Thunder in the Valley’s East-Euro style punk always makes me think of one of my favorite bands the Knotwells, or Gogol Bordello without a horn section, fiddle, or dancing girls, and not nearly as raunchy (probably a good thing since there are many clubs Gogol’s not allowed to play in due to nudity and vulgarity.) But still, TITV, with their drink-sodden carnival-esque songs with ragtime keyboards, Klezmer rhythms, and oompa-pa swing got more people to dance, sing and swing their beers than any band I’ve seen in years. Except for the Knotwells. But I’d really like to hear a tuba or a trumpet and a fiddle in there to fill it out more. The ragged hobo features and cajoling instructions to the audience to dance by the bright dark-eyed vocalist Graham Smith were compelling aspects of Thunder in the Valley’s performance, which was clearly a crowd-pleaser. - Cyn Collins

The Get Up Johns (

Dave Campbell introduced The Get Up Johns as the “next last thing,” a tribute to the increasing interest in traditional music, which was further evidenced by the anticipatory applause of the audience. Campbell asked people to go to the back of the club if they wanted to talk, because Jake and Josh sing “old style” around a single mike. The crowd hushed as the duo tore into the rousing standard, “Cluck Old Hen” that showcased Jake’s fiddle talent. Now, I’m intimately familiar with the fiddle and this duet’s repertoire, and I can tell you their act can’t be beat. They captured several traditional spirituals and old-time tunes beautifully in the tradition of “the Louvin Bros, The Stanley Bros., and the Monroe Bros.” This intimate and quiet show still drew whoops after each instrument solo. I had no idea that this music would crossover audiences so well, making me wonder if each band had about 150 fans in the club tonight or if the 300 – 400 fans on the main floor enjoying the show were simply eclectic as hell like I am. The Get Up Johns covered songs such as "Stay Away Blues" (by the Dellmore Bros. and covered by the Louvin Bros. in their tribute album to them) "Trouble in Mind," and "Mole in the Ground" (which is also covered by David Hazledine and Charlie Parr.) - Cyn Collins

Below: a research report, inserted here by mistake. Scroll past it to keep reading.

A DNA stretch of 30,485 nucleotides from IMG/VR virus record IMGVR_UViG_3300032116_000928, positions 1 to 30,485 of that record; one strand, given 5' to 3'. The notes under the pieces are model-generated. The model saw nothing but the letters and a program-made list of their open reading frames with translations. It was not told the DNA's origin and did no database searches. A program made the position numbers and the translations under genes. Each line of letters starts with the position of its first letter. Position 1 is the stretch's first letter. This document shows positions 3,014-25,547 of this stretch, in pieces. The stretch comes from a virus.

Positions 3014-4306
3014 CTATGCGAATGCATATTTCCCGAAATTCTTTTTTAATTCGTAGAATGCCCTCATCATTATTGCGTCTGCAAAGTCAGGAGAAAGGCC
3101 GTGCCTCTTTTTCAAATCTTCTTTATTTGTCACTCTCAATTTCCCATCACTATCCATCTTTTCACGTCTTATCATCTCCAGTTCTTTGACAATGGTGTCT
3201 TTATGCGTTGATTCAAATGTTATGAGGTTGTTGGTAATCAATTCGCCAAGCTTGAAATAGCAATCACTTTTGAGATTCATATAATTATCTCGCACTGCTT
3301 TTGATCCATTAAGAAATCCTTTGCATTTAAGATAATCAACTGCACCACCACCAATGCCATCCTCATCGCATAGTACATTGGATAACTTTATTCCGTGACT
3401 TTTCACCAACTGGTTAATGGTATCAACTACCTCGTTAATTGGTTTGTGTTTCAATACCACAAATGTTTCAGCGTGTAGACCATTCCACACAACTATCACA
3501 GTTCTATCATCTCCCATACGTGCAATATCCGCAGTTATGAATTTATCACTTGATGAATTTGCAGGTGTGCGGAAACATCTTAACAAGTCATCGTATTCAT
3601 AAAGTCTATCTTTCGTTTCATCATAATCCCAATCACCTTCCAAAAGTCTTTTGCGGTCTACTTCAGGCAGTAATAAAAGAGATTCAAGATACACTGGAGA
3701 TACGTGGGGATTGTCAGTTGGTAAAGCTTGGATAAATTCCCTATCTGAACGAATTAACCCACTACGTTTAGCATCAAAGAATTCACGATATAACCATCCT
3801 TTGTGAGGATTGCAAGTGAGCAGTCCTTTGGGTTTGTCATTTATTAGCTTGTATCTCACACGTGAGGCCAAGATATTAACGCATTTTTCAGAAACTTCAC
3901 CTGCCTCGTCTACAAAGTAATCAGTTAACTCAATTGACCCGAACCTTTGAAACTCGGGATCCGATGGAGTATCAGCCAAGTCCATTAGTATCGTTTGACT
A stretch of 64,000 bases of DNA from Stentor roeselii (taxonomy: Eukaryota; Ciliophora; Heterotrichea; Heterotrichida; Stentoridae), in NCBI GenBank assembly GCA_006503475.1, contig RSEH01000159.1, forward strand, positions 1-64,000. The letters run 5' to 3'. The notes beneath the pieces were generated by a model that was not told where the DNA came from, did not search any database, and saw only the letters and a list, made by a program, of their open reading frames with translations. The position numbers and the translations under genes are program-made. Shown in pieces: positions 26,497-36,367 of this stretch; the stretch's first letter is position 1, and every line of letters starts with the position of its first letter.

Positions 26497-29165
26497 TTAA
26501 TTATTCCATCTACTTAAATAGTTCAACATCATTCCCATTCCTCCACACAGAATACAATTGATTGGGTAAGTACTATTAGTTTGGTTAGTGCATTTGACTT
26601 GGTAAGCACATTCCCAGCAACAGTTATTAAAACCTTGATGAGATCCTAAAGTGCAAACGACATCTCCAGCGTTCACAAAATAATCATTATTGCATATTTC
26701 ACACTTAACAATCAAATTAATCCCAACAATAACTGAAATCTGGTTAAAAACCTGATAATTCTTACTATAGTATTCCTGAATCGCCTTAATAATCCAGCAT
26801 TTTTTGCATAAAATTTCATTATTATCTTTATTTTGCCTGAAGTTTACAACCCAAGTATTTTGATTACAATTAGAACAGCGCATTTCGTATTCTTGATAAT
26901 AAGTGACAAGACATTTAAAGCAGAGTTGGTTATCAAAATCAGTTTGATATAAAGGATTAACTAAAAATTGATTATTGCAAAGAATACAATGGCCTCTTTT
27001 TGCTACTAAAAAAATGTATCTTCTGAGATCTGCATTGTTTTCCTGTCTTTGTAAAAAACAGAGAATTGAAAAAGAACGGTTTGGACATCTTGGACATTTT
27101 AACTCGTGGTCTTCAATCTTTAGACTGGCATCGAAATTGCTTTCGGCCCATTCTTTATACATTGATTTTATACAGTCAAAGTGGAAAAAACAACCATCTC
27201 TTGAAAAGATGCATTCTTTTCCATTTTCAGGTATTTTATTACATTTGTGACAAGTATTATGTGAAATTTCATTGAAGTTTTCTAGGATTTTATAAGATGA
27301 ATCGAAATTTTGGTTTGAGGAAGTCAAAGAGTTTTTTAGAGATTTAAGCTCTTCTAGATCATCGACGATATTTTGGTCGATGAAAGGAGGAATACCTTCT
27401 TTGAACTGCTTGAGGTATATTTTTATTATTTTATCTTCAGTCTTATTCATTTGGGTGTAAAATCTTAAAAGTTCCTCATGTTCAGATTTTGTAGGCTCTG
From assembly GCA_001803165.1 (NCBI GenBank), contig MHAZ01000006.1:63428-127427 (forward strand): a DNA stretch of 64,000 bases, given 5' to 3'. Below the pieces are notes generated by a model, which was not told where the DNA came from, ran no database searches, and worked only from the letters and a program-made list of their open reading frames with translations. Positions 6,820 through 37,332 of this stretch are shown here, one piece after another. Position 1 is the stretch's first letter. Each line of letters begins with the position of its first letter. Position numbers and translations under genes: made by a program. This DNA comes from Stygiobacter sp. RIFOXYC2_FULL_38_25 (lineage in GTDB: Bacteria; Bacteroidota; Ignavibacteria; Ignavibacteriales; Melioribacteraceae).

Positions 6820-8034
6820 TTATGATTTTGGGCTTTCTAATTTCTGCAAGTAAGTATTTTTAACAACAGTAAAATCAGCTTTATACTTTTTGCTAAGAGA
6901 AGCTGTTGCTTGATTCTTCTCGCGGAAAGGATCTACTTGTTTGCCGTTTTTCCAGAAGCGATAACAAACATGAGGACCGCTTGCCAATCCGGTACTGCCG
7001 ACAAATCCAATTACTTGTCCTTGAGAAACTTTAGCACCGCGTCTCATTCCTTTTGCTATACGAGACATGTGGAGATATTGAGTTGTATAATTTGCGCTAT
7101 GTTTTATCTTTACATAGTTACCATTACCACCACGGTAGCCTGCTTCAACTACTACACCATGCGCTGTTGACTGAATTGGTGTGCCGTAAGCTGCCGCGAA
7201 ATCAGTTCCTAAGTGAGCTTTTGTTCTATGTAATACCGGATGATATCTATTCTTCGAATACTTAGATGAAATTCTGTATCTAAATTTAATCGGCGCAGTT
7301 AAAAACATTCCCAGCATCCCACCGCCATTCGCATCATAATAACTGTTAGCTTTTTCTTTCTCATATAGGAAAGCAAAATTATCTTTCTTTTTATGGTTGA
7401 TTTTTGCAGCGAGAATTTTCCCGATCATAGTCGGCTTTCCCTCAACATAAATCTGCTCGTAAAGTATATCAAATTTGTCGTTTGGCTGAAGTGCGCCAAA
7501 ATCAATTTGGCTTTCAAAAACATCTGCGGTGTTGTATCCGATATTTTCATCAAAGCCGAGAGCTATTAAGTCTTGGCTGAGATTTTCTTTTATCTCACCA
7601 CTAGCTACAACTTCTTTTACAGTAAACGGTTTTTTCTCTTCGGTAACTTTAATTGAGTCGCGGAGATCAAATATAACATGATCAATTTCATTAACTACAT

The Chariots (

Campbell and Sarah Sandusky introduced the Chariots, saying “they have great hair, and are really fucking LOUD”. Standing in the balcony, when they began with driving death metal punk guitars (I apologize to anyone wincing as I mix those genres, but that’s what I heard!) -- I felt the room’s energy shift into some vast, dark wild territory. Was this what it felt like at CBGB’s back in the day? The Chariots exhibited rhythmic and stylistic (though not vocal) elements of Jane’s Addiction. Travis Bos, formerly of Song of Zarathustra, (vocals/keyboards) has tons of charisma and rock star energy, and puts on a full-bodied, “raw power” sort of show. The band--which includes bass player Arthur Gandy (Exercise), guitarist Eric Odness (So Fox), and Matt Kepler on drums-- “really gets the job done, solid” one musician in the audience said. They’re loud, their instrumentation is interesting, and I expect the lyrics are as well if song titles such as, “Bored Housewife Syndrome”, “The Laundry Room in this Building is Equipped with a Burglar Alarm” (yes, that’s the title, not the entire song), “Twister Party Fails to Get Dirty”, and “Hips Unite” are any indication. I’m excited to see what the Chariots do in a small space like the Hexagon on February 28, and at their full-fledged CD release party in March at the Entry. - Cyn Collins

The Olympic Hopefuls (

Shortly after midnight, The Olympic Hopefuls took to the stage in their trademark red and orange tracksuits. They kicked off the set with “Holiday,” the song that contains the lyric that is the title of their album, The Fuses Refuse to Burn. Guitars/vocals Erik Appelwick (Vicious Vicious) and Darren Jackson (Kid Dakota), bassist Heath Henjum (Little Man, Vicious Vicious, The Beatifics), drummer Matt O'Laughlin (Friends Like These) and multi-instrumentalist John Hermanson (Alva Star ) shine brightly with their shimmery and bouncy pop. The Olympic Hopeful’s playfulness reminds me of being a ‘60’s child and listening to my first favorite groups: the Monkees, Bay City Rollers, the Beatles, The Association. The brightness of sound along with tongue-in-cheek lightness off-set vocalist Darren Jackson’s alter-ego performances as Kid Dakota. No better way to end a fun-filled night of music. - Cyn Collins